“I’m getting tired of changing,” Newton said. “I’m at a point in my career, I know way more than I knew last year. Now you give me [a full offseason] ... They know me: “Doughboy” (Harry) knows me, Jakobi knows me, (receiver Damiere) Byrd knows me, the young tight ends know me; the younger guys that are going to come in.”

Newton got his wish. He’s re-assumed the most difficult QB job in the sport, entering his second season as Tom Brady’s replacement. This time, he gets a full offseason to prepare. As a newcomer, Newton guided the Patriots to a 7-8 record as a starter. Meanwhile, Brady, who signed an extension Friday, led the Buccaneers to their second-ever Super Bowl. Not only were Patriots fans upset with the contrast in play, but Newton felt helpless at times knowing his play wasn’t good enough to win. He even acknowledged he knew when a benching was imminent.

“Everything is geared to win,” Newton said. “And if you’re not built for that, that’s not the place for you. And I’ll say this: That’s not the place where you wanna lose either. And I learned that the hard way.”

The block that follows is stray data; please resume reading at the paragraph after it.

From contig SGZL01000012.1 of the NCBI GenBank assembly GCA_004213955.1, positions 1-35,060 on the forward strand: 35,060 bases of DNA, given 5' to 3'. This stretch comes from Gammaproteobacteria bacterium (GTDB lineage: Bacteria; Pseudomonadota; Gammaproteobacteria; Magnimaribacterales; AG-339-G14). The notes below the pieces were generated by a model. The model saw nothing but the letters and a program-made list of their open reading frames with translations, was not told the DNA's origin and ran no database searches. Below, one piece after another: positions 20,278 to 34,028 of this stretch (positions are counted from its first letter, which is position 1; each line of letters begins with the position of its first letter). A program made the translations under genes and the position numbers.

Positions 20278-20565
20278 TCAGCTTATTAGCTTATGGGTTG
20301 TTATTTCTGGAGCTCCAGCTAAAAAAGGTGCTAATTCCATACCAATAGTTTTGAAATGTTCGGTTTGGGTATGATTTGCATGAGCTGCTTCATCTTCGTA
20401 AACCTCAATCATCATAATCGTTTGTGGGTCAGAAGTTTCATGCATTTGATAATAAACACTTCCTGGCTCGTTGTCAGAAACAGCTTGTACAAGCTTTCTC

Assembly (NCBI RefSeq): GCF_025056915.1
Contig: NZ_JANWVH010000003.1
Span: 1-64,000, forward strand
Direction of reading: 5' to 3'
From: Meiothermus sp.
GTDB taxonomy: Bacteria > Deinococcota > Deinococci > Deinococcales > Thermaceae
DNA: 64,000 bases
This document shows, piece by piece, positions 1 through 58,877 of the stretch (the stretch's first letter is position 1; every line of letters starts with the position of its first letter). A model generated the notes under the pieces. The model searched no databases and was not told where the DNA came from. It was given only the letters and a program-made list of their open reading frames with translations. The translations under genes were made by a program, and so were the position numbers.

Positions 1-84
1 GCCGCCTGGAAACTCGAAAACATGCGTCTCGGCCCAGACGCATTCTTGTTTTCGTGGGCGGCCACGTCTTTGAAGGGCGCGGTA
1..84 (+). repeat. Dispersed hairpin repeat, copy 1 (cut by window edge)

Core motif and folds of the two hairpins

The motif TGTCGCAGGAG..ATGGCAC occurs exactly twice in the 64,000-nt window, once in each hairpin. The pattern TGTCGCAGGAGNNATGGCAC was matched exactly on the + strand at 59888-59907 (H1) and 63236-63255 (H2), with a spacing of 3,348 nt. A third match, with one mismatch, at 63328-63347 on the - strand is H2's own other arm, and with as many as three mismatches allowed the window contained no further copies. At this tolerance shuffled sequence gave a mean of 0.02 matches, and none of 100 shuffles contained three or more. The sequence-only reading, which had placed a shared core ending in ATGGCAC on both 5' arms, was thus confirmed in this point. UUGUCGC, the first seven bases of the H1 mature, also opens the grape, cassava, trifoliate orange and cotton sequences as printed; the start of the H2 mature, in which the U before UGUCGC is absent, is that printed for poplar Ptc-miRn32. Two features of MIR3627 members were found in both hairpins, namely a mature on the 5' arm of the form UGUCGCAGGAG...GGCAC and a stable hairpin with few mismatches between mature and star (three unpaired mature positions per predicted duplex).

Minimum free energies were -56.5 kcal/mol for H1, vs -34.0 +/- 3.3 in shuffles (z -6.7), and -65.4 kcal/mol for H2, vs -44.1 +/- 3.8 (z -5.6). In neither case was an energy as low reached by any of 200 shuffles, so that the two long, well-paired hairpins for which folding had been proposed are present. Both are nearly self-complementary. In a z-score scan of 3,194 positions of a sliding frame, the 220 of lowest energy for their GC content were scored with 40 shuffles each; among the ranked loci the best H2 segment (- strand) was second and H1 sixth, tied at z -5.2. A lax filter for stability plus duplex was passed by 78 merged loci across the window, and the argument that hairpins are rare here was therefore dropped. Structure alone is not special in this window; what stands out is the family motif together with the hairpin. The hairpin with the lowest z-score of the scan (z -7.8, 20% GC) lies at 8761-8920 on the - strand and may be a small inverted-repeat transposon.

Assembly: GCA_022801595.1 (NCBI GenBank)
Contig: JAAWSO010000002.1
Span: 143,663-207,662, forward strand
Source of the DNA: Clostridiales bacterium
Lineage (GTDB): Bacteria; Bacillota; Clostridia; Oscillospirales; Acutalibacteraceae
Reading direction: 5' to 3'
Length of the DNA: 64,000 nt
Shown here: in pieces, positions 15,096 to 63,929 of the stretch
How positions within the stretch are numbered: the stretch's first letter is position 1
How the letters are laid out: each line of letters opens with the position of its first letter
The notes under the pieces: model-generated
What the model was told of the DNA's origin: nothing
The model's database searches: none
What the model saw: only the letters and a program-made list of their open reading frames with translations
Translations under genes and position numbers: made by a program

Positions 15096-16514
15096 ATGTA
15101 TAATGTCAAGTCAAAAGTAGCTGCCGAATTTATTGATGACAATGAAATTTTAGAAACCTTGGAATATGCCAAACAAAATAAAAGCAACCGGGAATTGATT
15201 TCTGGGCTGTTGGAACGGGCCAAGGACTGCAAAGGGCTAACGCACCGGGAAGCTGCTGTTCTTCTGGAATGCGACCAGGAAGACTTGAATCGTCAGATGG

Newton asserted that there are not 32 NFL quarterbacks who are better than him. The Patriots believe none of the available free-agent options are better than the one-time league MVP—at least for now. Newton was the biggest name left on the free-agent QB market. The other top options available—Jameis Winston and Ryan Fitzpatrick—weren’t enticing enough to be priority options and both have histories of turning the ball over too much to be ideal fits for a Belichick team anyway. Re-signing former third-round pick Jacoby Brissett wouldn’t have given New England’s offense a very high ceiling. But with Newton in tow, the Patriots now at least have continuity at their most important position. That gives the organization the flexibility to address the position again this offseason while getting the rest of the roster in order. Perhaps the draft presents the avenue to do so; the Patriots own the 15th pick in the 2021 draft. While that likely won’t be high enough to snag one of the highly coveted top-four QB prospects, Alabama’s Mac Jones could be available at that spot. If New England selects a quarterback in the draft—whether in the first round or later—at least having Newton around would ease the rookie’s transition.